Want to start a large tank
Hello everyone, I'm new here, first post even.
Back in college I had a 29 gallon and a 10 gallon fish tanks that I had a lot of fun with. I didn't do anything fancy, just mostly non-aggressive tropical fish, freshwater, plastic plants, etc. Then I moved 2500 miles away and couldn't move the tanks so I gave them away.
Now though that I'm in a stable job and own a house I want to get back into it. This time I want to go big! Well, not overly big, but a lot bigger than before. I'm thinking I want to go with a 125 gallon. I've actually heard that larger tanks are easier to maintain than smaller ones, is that true? I'm still pretty new with this so bear with me.
Haven't decided on specific fish yet, but will go with non-agressive fish again.
Well, here are my questions:
1) Will my floor hold up? I'm not sure how much that is, I think it's 8.33 lbs per gallon correct? That would put the water alone to 1041 lbs. Then have to add in the tank itself, the stand, and other various equipment and decorations. I know this is a loaded question, I just hope I get more of an answer than "It depends".
I'm planning on putting it next to a load bearing wall perpendicular to the floor joists. (My ideal spot though would be parallel to the joists and in the middle of the span ... which I know is the absolute worst spot)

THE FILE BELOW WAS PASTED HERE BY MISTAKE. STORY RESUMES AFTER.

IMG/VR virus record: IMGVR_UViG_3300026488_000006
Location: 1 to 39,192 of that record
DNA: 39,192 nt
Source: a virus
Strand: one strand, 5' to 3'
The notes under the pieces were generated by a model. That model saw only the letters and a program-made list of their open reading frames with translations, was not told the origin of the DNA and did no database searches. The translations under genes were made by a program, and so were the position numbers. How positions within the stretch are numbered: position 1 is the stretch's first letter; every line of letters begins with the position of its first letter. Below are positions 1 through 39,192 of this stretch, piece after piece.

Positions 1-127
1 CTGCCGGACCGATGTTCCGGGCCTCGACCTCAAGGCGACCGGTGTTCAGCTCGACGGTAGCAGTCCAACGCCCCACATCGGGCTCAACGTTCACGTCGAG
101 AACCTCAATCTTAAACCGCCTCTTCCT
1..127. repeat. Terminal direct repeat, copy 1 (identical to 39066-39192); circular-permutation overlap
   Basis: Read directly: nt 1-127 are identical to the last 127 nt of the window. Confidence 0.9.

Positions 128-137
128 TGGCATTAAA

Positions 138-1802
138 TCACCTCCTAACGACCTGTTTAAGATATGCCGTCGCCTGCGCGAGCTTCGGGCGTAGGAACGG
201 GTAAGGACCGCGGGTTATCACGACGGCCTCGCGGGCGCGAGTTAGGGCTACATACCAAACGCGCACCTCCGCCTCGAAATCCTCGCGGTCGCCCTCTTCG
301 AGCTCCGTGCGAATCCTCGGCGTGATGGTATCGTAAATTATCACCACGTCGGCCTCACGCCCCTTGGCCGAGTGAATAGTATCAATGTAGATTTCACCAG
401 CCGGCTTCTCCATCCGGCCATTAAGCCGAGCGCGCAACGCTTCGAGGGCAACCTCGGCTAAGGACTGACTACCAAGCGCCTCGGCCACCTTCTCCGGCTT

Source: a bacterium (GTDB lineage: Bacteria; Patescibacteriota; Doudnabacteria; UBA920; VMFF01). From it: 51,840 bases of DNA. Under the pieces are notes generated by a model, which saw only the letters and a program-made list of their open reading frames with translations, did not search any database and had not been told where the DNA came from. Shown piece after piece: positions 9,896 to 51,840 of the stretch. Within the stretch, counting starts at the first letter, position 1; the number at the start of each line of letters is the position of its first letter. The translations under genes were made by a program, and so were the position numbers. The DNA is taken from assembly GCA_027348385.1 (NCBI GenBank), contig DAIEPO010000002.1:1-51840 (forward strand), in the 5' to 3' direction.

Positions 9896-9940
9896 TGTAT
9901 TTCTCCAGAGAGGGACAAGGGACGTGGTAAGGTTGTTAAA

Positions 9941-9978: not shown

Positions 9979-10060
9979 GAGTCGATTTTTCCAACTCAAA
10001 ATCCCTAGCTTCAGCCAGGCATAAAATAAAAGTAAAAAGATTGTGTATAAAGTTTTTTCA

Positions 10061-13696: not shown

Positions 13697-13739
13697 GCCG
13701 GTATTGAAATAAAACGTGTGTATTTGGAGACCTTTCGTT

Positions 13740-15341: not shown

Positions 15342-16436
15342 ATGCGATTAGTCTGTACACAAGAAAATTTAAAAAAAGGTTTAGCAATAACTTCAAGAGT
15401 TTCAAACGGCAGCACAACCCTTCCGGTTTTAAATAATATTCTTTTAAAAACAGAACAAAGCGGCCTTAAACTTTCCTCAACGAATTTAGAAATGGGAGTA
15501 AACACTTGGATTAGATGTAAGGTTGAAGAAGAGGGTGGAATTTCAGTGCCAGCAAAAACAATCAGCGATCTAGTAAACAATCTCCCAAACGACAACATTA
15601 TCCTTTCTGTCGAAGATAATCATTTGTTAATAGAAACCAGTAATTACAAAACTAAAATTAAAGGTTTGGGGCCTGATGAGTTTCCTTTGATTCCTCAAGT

2) How much wattage will I need for heaters? In the winter I keep the house at 68 during the day and 65 at night. During the summer the temperature is around 75.
3) Using a canistor filter, is there enough airation in the water or will I have to add an air pump?
4) For substrate I plan on just using the same plastic pebbles I had used previously in the smaller tanks. Is there any compelling reason to use something else? Using sand just sounds like a nightmare to clean.
5) This time I'm thinking live plants may be a good idea, I had one once in the 10 gallon tank and the thing took over the entire tank, I constantly had to cut it down so it didn't cover the entire top. It obviously grew just fine in the plastic pebbles without adding anything to the water. Are most plants like that? Or do most require something else, or adatives in the water?
6) What kind of lighting will I need? Are the standard ones that come with the canopy sufficient?
Well that's a start, I'm sure I will have more.
Thanks for your help!
Welcome to Tropical Fish Keeping forum, and welcome back to this terrific hobby.
Most of your questions (dealing with plants, light, substrate, filter) will be covered in the 4-part series of "stickies" at the head of the Aquarium Plants section entitled "A Basic Approach to the Natural Planted Aquarium." I suggest you give those a read, then ask any questions you may have. If it is about planted tanks, the Aquarium Plants section would be the best to post in. I wouldn't use "pebbles" for substrate, just a caution.